Sunday, July 18, 2010
Higher Learning Salad
I have always thought of myself as a person who doesn't discriminate. I think most people do. However, all day long, we are making choices based on our previous experiences. If you were to have asked me yesterday if I was a fan of green beans, I would have shrugged and said 'They're okay I guess'. My lack of enthusiasm for them has a long history, filled with canned bean sludge and slivered almond nightmares. There was a time when I loved green beans. When I was little, I used to eat the fresh beans that my grandfather had grown in his garden. My brother and I would sit around a bowl and snap the ends off of the fresh velvety beans, crunching into the imperfect ones after we had declared them unfit for the dinner table. They were so fresh that they would cling to my tongue, and they had a crunch loud enough to drown out the sound of the television. As the years went on, I had one after the other disappointing green bean experiences, and once the memory of that delicious watery crunch wore off, I had to accept that most of the green beans I encountered were dull, limp, and starchy.
As of today, my opinion of beans has once again changed. As part of a farmer's market project I am working on, I had to come up with some sort of demonstration to do with kids using fresh vegetables. I went with making green bean "french fries", which are not actually fried, but rather raw beans placed in a little french fry container that the kids could decorate with crayons. I asked them to come up with a name for their bean snacks, and to write some information on the back that they thought would encourage other kids to try their product. They wrote things like "beans help you to see" (I told them that beans contain lutein, which is a carotenoid that may improve vision) and "beans beans good for your heart" (they didn't finish the song on the package, but we had a good laugh about it).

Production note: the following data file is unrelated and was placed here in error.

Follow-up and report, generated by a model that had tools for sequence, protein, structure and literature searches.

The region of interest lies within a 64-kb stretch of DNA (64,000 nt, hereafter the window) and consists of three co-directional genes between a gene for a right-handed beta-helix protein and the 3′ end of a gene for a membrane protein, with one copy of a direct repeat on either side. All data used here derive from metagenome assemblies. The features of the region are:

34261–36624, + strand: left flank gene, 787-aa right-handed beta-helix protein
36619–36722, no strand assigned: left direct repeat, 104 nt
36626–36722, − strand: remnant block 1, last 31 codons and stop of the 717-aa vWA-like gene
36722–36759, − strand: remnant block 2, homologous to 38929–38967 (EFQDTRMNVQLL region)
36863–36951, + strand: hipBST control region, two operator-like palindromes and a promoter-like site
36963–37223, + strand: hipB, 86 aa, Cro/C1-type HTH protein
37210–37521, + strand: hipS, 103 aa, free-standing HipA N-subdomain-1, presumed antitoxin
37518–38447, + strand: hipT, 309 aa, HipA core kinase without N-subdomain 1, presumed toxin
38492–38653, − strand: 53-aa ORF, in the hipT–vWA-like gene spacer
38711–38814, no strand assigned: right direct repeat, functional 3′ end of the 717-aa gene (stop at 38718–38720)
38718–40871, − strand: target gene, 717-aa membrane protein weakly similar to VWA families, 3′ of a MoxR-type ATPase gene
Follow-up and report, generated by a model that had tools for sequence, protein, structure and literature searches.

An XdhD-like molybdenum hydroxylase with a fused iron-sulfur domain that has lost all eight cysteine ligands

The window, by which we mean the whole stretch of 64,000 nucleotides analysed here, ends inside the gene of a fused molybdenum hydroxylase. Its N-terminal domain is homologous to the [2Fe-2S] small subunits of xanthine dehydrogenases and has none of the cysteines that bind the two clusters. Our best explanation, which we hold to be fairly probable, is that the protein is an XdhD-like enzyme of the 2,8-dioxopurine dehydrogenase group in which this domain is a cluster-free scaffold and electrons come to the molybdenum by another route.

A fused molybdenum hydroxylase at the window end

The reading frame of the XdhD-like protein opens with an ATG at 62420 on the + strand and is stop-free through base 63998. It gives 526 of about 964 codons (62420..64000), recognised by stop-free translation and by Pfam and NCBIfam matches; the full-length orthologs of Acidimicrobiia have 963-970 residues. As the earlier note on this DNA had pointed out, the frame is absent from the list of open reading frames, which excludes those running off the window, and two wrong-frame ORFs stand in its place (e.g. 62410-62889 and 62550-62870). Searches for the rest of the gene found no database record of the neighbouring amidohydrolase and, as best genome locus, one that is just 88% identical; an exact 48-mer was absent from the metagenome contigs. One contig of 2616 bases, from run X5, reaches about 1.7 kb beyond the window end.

The idea was that the kids would realize that all of the stuff written on food packages was invented by someone who is trying to sell the product. Additionally, I was hoping to get the kids thinking about some of the finer points of the beans, so that they might like them better. I also brought along some toasted sesame oil and salt to toss the beans in, and some french dressing (because, similar to ketchup, french dressing is mostly sugar with a hint of tomato, and I thought it might be good to have in case the kids hated the green beans). As it turns out, these precautions were totally unnecessary. The beans sold themselves to the kids, and then the kids re-sold me on the beans, in their original plain form.
I bought four different varieties of beans: green, yellow, purple (which turn green when you cook them) and pole beans. The pole beans were mostly for educational purposes. I was going to use the pole beans (which have strings that you have to peel) to show the kids how historically, green beans had strings on them. I didn't imagine that these would be all that tasty, since most of the farmers who sold them insisted that pole beans are meant to be stir-fried and not eaten raw. After I pulled the string off of one during our first round of demos, a little girl reached forward and demanded I let her taste the pole bean.
"I wanna try THAT one."
"No" I said "I don't think you'll like this on..." The little girl had swiped the pole bean out of my hand and snapped a bite off of it as though it were a candy cane.
"MMMMM" she said, and her face lit up. "That one is REALLY good!"
"It is?" I said. "I mean. Yes, of course it is. See, beans taste great and can be eaten as a snack raw, so that you don't even have to ask the adults if you can use the oven." I went on with my demonstration. After all the kids left, I tasted what was to become my new favorite vegetable. The pole bean. It has the nutty richness of a soybean, but with a less pea like flavor, it has a soft velvety flesh and is less sticky than the bush snap bean variety.
While the kids all agreed that the raw beans were good by themselves, they really liked them tossed in sesame oil and salt. I made this salad with the beans that I used for today's demo.
Simply Nutty Green Bean Salad
2 cups mixed purple, green, yellow and pole beans, fresh (so that they snap)
1 cup sliced cherry tomatoes
1 Tbsp toasted sesame oil
sprinkle of salt
1/4 tsp soy sauce
1 tsp rice vinegar
pinch of sugar
Christina's vote: "All the world's a stage for this salad"